SEATTLE – Our cameras got an insider’s look inside Facebook’s Seattle office to see what they’ve done so far, and what’s next for the social media giant.
When you walk down the halls, the office looks young, feels small and with its unfinished ceilings, seems incomplete. Facebook’s Seattle Office Communications Lead, Eva Skone, says that’s the point.
“We believe our work is 1% finished, which means there’s a lot to do,” said Skone.
At Facebook Seattle, they’ve already done some much in five short years. Some of the country’s top engineers eat, work and play here. Whether it’s enjoying a complementary cafeteria and fully loaded snack bars, to playing a round of ping-pong, or having a meeting in an indoor hot tub, they say the playfulness has purpose.
“Helps keeps us feeling small to the past, back when we were pretty scrappy as the company continues to grow here in Seattle,” said Skone.
And that growth has been exponential.
“If you asked me two years ago no i did not expect to grow this fast,” said Vijaye Raji, Facebook Seattle Director of Engineering.
Raji was one of fewer than 30 employees back in 2010 when Facebook Seattle started.
They moved into this office three years ago with 100 people. Now they’re bursting at the seams with more than 600 employees making it time to move again.
Modeled after Facebook’s headquarters in Menlo Park, Calif., the new “Dexter Station” office will have a large rooftop park with walking trails, a giant fire pit, covered dining area and room for up to 2,000 people.
“We’re really looking forward to the Dexter space. That’ll give us a little more breathing room for the next couple of years,” said Raji.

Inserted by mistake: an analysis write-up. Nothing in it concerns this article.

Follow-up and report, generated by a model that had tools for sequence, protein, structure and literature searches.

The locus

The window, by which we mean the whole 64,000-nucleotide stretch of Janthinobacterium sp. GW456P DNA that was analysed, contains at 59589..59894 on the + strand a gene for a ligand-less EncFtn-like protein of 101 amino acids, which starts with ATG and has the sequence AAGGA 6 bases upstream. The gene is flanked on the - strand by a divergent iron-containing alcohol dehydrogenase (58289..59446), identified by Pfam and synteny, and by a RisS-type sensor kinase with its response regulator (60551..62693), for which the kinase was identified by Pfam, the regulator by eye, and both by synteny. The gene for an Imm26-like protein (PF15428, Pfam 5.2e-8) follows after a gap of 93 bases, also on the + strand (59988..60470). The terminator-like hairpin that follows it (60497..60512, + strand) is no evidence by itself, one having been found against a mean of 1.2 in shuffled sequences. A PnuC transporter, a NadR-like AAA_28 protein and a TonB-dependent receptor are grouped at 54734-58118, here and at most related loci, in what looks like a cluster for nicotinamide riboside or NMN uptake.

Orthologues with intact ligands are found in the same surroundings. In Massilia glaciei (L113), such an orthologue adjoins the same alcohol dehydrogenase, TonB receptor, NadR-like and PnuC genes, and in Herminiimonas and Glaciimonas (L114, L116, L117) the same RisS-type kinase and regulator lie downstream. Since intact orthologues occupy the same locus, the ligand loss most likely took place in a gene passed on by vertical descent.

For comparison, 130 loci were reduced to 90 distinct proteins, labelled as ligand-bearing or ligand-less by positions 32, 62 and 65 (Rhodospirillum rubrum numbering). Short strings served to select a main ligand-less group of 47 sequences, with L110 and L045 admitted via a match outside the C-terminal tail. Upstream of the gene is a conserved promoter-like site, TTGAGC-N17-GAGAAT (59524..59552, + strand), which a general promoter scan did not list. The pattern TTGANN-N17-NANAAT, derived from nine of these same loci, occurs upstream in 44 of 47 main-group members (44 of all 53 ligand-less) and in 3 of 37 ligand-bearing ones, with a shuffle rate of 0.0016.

They’ll need it too. Facebook Seattle is now bigger than all of Facebook was in 2010. They attribute growth to Western Washington’s talent pool and local engineers who have helped develop Facebook functions like video calling, the first iPad app, live stream video and 360 degree video.
So, what’s next? Goals of delivering connectivity to third would countries via drone and using virtual reality technology to give people a new view.
“When I think about people in the hospital who cannot get out of their bed or cannot leave their rooms, giving them the ability to virtually escape reality is immensely powerful and we’re building that here,” said Raji.
Bottom line, Facebook wants to connect the world and they’re well on their way. Everyday, Facebook’s 1.5 billion users share 2 billion photos and watch 8 billion videos. Engineer G2 and his 65-member team are behind the infrastructure to store all that data, building his own way to connect to his family, half a world away.
“I can actually see that through Facebook posts. I have a small part of making that possible,” said Ganapathy Krishnamoorthy, Facebook Seattle Director of Engineering.
Facebook’s Dexter office was designed by Frank Gehry, who’s known for his design of Seattle’s Experience Music Project Museum. Facebook Seattle expects to move into the new space early next year.
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